This is a good decision and should go some way towards obtaining more Cabinet related documents from the late 1990s and early 2000s. The documents in question have now been released to me in full.

Glackin (Interim) Report

Thanks to the Oireachtas library becoming available recently, we now have full digital access to the fascinating Glackin (Interim) Report. While we have previously published the final Glackin report, in some ways the interim report is more interesting. This is mainly down to the detailed appendices.

The report involves such luminaries as now billionaire Dermot Desmond, now billionaire Joe Lewis, now billionaire JP McManus, Larry Goodman, Ansbacher Bankers Ltd, John Magnier, Lochlann Quinn, Michael Smurfit and Noel Smyth, among others.

Document – Flynn's court action against NAMA in New York

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Above is the house at the address (300 Ridgeview Drive, Palm Beach, Florida 33480) given by developer John Flynn as part of his case against the National Asset Management Agency (NAMA), in court documents filed on December 20. NamaWineLake and Paul Williams at the Indo have both mentioned the filing.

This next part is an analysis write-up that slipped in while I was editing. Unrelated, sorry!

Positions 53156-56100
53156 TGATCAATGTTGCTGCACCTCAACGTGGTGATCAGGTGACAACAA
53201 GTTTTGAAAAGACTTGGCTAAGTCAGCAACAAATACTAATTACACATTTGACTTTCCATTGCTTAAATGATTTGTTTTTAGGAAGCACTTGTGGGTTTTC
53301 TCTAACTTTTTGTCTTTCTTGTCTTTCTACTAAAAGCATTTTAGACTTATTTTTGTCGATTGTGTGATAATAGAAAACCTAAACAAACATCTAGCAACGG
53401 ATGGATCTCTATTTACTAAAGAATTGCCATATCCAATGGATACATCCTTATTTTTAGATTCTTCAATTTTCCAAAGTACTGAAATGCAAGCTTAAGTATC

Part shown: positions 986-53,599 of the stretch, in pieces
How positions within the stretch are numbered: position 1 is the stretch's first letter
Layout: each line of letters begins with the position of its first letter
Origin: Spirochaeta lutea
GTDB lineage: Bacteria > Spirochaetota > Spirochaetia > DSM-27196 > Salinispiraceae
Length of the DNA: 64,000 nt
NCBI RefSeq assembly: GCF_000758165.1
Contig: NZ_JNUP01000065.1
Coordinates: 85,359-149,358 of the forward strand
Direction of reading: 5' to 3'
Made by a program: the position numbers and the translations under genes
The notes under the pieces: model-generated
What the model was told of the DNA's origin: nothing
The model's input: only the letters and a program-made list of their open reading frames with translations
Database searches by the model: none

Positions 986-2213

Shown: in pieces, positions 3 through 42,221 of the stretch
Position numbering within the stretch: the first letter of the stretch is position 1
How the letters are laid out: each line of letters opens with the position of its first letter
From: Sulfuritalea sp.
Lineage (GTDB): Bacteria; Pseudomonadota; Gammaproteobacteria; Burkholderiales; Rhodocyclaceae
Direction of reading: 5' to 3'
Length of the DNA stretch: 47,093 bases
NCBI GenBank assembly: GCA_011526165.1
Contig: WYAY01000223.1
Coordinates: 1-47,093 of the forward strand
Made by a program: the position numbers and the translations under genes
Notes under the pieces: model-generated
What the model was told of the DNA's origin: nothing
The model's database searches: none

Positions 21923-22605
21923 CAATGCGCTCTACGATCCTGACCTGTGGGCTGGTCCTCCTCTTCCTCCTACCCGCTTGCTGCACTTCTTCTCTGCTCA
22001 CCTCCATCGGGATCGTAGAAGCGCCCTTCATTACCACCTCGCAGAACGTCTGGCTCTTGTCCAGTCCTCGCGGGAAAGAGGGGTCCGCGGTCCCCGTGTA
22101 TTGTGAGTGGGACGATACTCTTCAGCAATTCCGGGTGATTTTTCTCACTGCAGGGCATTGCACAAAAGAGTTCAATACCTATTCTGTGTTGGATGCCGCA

The judge in the case is Lewis Kaplan who was previously a judge in high profile Guantanamo and Gambino family cases.

Obviously NAMA and its staff have denied (or will deny) the allegations made, and members of NAMA’s board (including some of the people named in the complaint) made a vociferous defence of the Agency at a Public Accounts Committee hearing the same the day the complaint was filed in New York. No documents have yet been filed by NAMA in relation to this case, but I will post them once they are available.

At the PAC hearing the head of NAMA Brendan McDonagh said there is a: